The bears are located by tracking their previously attached radio collars, and the plan is to dart and tranquilize the animals to allow for a quick physical exam, replacement of worn transmitters and identification of new cubs.
At about noon Tuesday, the team located the den of a sow and her two cubs, born last winter. "We were curious to see if the cubs had survived," said Dax Mangus, regional wildlife manager for the DWR.
"We successfully darted the collared female and noticed one yearling bear also in the den with her," he added. "We loaded another dart and were ready to dart the yearling when the dart accidentally discharged and struck the biologist in his hand."
Team members are trained to provide emergency aid in such cases, and they acted quickly, Mangus said.
"We had only 15 to 20 minutes before he possibly lost consciousness, so we knew we had to act fast. We didn't have any cell service," he explained. "And, in the steep, timbered canyon, we knew we couldn't safely land a medical helicopter. So, we made a plan."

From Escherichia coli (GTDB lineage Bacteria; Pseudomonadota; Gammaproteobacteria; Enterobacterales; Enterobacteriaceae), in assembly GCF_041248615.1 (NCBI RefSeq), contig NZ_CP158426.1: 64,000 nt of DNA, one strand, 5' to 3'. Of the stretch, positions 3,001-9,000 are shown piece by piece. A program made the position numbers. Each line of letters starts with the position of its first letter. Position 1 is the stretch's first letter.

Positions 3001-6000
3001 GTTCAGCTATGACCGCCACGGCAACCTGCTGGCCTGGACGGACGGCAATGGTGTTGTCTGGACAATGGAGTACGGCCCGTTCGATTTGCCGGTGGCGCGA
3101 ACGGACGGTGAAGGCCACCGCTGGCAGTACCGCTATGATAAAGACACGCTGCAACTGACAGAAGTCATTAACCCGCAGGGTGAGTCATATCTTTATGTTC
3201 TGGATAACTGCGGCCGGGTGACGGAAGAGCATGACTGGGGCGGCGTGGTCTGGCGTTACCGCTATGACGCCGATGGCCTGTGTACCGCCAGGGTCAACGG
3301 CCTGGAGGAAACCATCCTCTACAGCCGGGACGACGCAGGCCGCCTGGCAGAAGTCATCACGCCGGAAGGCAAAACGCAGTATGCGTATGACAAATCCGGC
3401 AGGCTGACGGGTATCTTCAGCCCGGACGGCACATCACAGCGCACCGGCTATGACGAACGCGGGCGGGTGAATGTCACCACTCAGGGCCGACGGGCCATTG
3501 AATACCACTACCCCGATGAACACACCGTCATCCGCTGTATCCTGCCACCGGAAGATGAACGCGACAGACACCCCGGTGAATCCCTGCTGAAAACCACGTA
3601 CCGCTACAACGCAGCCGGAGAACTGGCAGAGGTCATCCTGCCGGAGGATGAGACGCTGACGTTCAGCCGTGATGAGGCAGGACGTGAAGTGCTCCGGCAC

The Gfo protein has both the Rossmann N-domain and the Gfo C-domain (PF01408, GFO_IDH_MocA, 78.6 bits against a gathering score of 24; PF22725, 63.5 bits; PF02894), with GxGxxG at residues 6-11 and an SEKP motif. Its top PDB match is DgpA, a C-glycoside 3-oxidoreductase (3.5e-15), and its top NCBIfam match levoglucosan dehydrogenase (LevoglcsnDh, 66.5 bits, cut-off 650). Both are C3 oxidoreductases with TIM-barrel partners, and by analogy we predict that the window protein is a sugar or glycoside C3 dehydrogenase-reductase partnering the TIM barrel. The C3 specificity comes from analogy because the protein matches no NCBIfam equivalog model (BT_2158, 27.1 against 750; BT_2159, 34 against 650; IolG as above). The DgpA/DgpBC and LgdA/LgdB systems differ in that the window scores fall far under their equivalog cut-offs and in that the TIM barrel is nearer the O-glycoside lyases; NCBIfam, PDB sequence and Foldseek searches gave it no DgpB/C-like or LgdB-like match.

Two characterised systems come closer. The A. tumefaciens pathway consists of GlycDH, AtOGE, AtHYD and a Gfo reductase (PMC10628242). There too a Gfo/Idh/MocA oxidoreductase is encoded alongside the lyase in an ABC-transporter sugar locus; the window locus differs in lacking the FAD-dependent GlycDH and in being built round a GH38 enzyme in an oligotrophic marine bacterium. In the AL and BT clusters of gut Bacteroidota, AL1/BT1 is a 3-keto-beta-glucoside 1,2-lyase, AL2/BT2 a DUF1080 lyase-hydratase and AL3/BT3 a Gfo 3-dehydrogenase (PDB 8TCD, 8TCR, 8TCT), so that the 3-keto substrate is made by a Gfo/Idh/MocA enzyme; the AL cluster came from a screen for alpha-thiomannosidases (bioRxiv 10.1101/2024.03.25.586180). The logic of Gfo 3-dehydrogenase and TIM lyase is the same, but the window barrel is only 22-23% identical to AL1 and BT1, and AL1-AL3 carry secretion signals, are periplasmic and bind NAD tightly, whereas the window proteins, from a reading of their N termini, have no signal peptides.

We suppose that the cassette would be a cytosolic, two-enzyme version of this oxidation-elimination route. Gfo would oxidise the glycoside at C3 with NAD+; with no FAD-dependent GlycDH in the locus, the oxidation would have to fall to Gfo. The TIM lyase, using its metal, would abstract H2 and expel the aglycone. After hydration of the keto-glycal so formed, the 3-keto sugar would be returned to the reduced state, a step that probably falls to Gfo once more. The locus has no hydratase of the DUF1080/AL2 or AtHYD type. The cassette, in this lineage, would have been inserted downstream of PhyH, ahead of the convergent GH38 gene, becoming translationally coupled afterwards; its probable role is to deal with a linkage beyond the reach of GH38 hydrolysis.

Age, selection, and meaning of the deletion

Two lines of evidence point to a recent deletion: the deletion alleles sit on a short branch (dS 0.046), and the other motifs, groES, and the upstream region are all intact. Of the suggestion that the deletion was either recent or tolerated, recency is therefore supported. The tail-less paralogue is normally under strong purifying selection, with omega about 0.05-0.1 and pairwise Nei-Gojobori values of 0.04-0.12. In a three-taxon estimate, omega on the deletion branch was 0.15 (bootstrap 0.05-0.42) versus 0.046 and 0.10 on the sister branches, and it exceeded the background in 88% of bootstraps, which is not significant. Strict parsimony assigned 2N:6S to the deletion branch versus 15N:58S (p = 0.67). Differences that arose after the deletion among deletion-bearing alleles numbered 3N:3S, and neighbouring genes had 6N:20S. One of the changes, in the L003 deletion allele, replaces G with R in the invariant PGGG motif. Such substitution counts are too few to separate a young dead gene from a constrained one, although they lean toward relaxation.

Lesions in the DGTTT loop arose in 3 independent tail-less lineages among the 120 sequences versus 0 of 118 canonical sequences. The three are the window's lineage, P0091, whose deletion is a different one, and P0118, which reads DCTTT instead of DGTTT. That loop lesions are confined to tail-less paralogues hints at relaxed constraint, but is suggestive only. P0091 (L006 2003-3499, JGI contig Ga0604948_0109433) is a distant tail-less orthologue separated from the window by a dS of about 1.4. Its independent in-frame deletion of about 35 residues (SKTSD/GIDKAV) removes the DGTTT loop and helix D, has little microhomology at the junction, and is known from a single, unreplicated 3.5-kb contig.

Three team members climbed to the top of a nearby ridge, got a cell signal and called for a medical helicopter to land there. Two other team members hiked back to their vehicles as a backstop measure, and the remaining employees gathered the team's gear.
The wounded biologist hiked to the top of the ridge on his own and was flown to the hospital for treatment. After an overnight stay, he was released Wednesday morning.
DWR officials declined to identify the biologist and asked news media not to attempt to interview him, at least for now.
"[He] needs time to rest and recover," DWR spokesman Mark Hadley said.